Six Québec naturist centre's took copies of NQ 5 to sell, and three turned it down, one admitting that it was "too controversial." By mid-August, Vaïs had sold about 80% the quantity that usually gets sold, either directly or via naturist centre's in Québec. That was excellent, considering the lack of distribution.
Amongst all the media publicity was one early comment that the genitals of the boy on the cover were "en évidence," which in English means prominent. They aren't. Michel Vaïs made that point in a most interesting exchange in the Journal de Montréal on July 25. He also pointed out that social nudity is not erotic but calming, and dozens of magazines publish photos of the sort he put on the cover of NQ 5. "People aren't upset," he noted, "with the photo on the cover of my magazine. They're not offended, but [they say] their neighbour perhaps would be." No complaintsAnd yet Michel Vaïs received not one complaint about the photo personally or as publisher. Where are all these neighbours? Do we make assumptions about others that are woefully incorrect? Are we imagining legions of people who object to simple nudity in a variety of innocent photos, when there are very few objecting? Might any objectors react as they would to almost any product they didn't want-and simply pass it by?
Vaïs's opponent in the Journal "debate" was the sexologist Michel Campbell. He stated that "exploitation of children is a rather sensitive subject." Indeed, but where's the exploitation here? Perhaps he didn't know that Vaïs has known personally the boy on the cover and his sister, also on the cover.
Vaïs made a minor mistake when he mentioned pornography, but he was surely right to link naturism with lower likelihood of sexual abuse.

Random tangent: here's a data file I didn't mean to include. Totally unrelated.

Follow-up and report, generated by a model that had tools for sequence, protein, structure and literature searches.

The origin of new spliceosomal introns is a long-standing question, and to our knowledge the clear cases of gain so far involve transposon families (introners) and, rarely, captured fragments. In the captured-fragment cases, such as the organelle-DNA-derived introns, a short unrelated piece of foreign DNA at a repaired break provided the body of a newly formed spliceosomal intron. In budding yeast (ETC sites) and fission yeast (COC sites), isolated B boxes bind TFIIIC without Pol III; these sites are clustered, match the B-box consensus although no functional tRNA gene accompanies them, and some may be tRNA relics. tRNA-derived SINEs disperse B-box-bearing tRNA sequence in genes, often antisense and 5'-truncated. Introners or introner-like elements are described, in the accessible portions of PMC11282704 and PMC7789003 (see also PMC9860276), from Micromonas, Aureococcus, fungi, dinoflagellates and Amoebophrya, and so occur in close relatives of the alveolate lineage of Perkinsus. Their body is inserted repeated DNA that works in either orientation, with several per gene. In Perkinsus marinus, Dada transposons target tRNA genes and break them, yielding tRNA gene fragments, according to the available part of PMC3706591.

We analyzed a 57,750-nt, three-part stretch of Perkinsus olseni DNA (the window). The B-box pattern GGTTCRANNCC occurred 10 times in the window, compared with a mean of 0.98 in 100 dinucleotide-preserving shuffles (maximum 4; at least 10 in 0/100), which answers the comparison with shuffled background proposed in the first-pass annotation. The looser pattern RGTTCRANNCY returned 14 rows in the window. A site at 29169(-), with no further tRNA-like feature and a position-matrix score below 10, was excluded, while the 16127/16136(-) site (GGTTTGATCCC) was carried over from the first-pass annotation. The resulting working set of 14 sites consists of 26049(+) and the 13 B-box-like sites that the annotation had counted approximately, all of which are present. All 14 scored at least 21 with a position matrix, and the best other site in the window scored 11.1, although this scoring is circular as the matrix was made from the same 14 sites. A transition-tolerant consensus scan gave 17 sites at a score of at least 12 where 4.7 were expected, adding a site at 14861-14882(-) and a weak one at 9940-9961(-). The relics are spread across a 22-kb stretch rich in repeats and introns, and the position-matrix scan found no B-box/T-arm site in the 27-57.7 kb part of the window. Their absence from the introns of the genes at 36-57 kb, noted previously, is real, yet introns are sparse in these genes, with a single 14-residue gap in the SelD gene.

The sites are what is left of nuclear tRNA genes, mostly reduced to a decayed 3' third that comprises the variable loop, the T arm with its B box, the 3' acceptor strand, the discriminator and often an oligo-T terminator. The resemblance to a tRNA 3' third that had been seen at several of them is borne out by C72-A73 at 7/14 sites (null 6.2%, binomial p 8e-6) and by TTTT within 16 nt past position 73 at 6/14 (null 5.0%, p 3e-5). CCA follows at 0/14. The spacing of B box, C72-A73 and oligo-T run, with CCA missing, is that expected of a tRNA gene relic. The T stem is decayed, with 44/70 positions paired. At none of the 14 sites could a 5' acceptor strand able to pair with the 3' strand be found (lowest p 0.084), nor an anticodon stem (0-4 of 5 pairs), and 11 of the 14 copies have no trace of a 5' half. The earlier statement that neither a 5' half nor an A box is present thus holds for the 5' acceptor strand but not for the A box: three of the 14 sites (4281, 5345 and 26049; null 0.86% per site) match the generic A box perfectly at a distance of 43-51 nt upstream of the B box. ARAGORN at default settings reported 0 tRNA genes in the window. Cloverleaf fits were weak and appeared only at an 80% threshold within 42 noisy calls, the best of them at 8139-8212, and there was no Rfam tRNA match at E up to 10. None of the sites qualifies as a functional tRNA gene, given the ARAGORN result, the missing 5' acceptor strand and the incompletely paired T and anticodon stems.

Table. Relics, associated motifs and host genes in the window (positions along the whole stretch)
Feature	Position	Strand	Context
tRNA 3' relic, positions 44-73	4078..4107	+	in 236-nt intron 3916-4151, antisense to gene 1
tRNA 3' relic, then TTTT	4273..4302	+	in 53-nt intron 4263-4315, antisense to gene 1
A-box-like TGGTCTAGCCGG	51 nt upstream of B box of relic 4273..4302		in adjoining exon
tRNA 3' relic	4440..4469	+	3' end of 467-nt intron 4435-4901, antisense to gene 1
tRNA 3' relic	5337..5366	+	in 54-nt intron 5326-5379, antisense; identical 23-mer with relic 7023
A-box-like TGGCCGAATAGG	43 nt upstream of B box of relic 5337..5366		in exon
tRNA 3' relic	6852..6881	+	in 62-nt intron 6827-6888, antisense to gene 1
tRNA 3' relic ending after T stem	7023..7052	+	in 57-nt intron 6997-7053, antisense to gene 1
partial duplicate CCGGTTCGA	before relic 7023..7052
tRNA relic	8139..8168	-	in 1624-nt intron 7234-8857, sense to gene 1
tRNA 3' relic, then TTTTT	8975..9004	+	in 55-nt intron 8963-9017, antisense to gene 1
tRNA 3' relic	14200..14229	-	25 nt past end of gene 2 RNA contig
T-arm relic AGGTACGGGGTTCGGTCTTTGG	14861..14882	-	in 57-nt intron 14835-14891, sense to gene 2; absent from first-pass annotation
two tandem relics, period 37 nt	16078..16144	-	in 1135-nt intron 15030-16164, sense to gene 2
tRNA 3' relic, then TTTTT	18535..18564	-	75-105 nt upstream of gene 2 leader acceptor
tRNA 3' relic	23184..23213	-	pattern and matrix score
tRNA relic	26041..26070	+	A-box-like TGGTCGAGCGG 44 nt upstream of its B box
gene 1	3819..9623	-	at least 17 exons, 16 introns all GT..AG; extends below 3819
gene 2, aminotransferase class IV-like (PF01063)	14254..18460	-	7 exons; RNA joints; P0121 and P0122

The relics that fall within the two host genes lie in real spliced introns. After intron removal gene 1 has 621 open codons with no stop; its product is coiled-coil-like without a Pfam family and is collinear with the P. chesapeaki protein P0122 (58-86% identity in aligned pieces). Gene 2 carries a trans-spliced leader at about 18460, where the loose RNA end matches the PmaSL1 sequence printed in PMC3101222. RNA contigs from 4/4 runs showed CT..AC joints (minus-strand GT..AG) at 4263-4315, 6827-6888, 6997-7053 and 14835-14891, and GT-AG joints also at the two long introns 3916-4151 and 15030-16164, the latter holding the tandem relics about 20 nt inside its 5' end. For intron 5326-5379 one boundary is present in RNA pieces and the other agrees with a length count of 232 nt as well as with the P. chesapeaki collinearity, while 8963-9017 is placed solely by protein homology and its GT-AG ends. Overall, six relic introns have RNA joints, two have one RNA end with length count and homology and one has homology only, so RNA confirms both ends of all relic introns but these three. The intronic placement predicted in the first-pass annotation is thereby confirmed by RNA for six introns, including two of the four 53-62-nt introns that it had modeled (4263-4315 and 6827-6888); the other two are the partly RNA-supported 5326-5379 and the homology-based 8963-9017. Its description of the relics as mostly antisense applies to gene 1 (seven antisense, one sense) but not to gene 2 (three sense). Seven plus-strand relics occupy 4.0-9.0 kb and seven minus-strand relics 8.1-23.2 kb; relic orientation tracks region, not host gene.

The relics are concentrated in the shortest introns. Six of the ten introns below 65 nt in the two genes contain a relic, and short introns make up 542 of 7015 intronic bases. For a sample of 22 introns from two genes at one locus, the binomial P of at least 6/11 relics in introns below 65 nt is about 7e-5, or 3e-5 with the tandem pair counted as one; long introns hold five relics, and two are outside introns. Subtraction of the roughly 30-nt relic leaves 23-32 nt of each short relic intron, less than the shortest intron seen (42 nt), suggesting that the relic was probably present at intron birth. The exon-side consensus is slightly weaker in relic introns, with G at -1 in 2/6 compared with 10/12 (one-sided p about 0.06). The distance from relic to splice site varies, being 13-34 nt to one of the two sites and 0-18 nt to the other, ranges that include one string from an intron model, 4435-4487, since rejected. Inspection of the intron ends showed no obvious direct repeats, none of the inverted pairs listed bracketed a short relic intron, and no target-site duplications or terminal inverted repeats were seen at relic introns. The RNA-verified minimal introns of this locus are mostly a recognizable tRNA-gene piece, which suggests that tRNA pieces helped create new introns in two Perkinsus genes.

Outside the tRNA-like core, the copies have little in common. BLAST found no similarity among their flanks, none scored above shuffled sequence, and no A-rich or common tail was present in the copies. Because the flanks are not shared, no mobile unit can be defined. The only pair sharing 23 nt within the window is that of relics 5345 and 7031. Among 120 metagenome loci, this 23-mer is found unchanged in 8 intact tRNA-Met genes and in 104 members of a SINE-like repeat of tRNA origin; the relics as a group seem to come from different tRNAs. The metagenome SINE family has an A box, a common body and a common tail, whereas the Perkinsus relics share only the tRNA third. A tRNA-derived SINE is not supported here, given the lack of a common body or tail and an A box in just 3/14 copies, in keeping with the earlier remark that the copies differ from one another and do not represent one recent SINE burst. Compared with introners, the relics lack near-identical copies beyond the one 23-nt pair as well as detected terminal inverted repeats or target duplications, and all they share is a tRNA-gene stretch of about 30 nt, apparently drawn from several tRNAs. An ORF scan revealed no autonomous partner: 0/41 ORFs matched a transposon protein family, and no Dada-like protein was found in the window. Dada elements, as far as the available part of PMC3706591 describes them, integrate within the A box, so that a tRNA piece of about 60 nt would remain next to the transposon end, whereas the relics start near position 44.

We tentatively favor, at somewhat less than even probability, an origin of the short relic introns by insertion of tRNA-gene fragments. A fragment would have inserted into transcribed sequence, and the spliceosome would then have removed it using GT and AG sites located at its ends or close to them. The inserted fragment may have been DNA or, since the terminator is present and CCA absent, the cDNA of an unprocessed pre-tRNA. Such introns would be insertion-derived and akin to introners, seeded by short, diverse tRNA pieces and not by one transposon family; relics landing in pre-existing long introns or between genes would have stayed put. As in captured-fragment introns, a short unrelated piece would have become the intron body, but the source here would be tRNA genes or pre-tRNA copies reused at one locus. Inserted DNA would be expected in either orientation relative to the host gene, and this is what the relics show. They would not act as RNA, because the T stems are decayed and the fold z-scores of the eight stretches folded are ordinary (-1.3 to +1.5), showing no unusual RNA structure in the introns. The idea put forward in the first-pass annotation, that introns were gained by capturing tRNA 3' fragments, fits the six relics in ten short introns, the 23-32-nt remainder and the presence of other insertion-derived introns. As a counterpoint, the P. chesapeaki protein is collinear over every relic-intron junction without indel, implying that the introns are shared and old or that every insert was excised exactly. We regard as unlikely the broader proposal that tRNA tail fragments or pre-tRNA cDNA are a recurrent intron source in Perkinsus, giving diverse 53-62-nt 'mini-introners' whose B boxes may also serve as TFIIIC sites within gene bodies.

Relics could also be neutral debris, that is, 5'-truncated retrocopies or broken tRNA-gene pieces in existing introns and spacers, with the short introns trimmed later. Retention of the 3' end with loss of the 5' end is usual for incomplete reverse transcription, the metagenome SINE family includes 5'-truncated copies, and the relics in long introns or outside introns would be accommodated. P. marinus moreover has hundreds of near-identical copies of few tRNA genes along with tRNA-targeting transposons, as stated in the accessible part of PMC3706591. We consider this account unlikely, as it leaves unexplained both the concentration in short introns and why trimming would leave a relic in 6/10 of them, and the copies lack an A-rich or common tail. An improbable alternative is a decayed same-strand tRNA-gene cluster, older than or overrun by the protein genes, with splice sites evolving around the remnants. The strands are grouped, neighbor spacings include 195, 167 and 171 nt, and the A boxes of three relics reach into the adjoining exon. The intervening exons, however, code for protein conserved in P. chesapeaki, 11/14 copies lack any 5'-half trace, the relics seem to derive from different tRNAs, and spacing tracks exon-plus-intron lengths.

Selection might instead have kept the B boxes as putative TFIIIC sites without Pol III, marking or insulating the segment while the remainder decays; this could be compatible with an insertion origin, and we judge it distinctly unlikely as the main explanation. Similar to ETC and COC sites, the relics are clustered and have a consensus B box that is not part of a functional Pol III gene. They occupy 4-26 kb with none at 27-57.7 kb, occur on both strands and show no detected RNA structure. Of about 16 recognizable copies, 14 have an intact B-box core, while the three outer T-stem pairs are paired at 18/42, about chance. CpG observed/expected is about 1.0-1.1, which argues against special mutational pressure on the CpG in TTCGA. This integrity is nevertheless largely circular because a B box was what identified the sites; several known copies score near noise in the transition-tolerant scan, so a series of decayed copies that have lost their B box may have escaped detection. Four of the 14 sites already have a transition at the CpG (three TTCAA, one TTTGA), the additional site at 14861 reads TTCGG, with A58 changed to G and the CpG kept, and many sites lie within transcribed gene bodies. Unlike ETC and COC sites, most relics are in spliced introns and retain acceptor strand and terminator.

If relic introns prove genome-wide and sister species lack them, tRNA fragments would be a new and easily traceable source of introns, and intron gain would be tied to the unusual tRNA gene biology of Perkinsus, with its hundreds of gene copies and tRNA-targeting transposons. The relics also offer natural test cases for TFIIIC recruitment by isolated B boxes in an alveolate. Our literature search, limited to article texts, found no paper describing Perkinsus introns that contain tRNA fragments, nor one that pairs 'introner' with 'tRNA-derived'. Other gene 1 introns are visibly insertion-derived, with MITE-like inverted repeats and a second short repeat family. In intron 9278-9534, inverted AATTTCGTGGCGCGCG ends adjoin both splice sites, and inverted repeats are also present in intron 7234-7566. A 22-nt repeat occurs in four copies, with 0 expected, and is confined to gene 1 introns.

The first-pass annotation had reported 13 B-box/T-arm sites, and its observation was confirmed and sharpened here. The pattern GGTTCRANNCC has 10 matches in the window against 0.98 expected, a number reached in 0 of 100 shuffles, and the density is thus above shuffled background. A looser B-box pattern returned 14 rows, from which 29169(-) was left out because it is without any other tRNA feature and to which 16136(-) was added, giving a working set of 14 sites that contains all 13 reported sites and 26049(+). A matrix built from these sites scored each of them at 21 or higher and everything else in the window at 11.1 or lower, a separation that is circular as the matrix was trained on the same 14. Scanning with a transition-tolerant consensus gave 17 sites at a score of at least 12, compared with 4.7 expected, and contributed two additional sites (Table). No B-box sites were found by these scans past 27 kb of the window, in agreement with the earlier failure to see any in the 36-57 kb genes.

Campbell went on to employ the "elephant argument." It's simple: an apartment landlord doesn't allow you to keep a guinea pig, because he'd have to allow the next person a pet pachyderm. Campbell: "If we allow this [the cover in question], we open the door to other kinds of photos and the exploitation of children."Good pointsCampbell did raise a good point: how do children view their earlier nude photos when they become adults? Although there is no easy answer, it seems likely that children brought up not to howl at the naked body—theirs or others'—will accept their past in naturism even if they no longer participate in it.
We are not talking about photos taken surreptitiously or against a child's will; or a child being made fun of by disrespectful parents who misuse nudity or its photographic representation. The assumption of later embarrassment may be partly valid for some of the general population or the people whom Campbell treats, but where is the evidence for it among current or former naturists?
Another good question from Campbell pertains to pedophile crime; but his quoted statistics are misleading or incomplete. There is no evidence that more pictures with nudity mean more sex crimes in the general population—even porn doesn't do that. Should photos of naked children be banned because a small segment of society may be affected adversely by them? Most readers of this magazine know the correct answer, although the several reasons for it will have to wait for another time.
Campbell weakened his argument when he misapplied the judicial notion of threshold of tolerance, and even more when he said, "I don't say all naturists are [exhibitionists, voyeurs, and pedophiles]. But I have clients who are exhibitionist naturists and hide behind trees to masturbate."
Campbell needs to learn what naturism is. Calling a masturbator behind trees a naturist is as valid as calling a guinea pig an elephant.
Translations from French by Paul Rapoport
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The Federation of Canadian Naturists (FCN) and the Fédération québécoise de naturisme (FQN) share the Canadian membership in the International Naturist Federation (INF), which has its world headquarters in Antwerp, Belgium.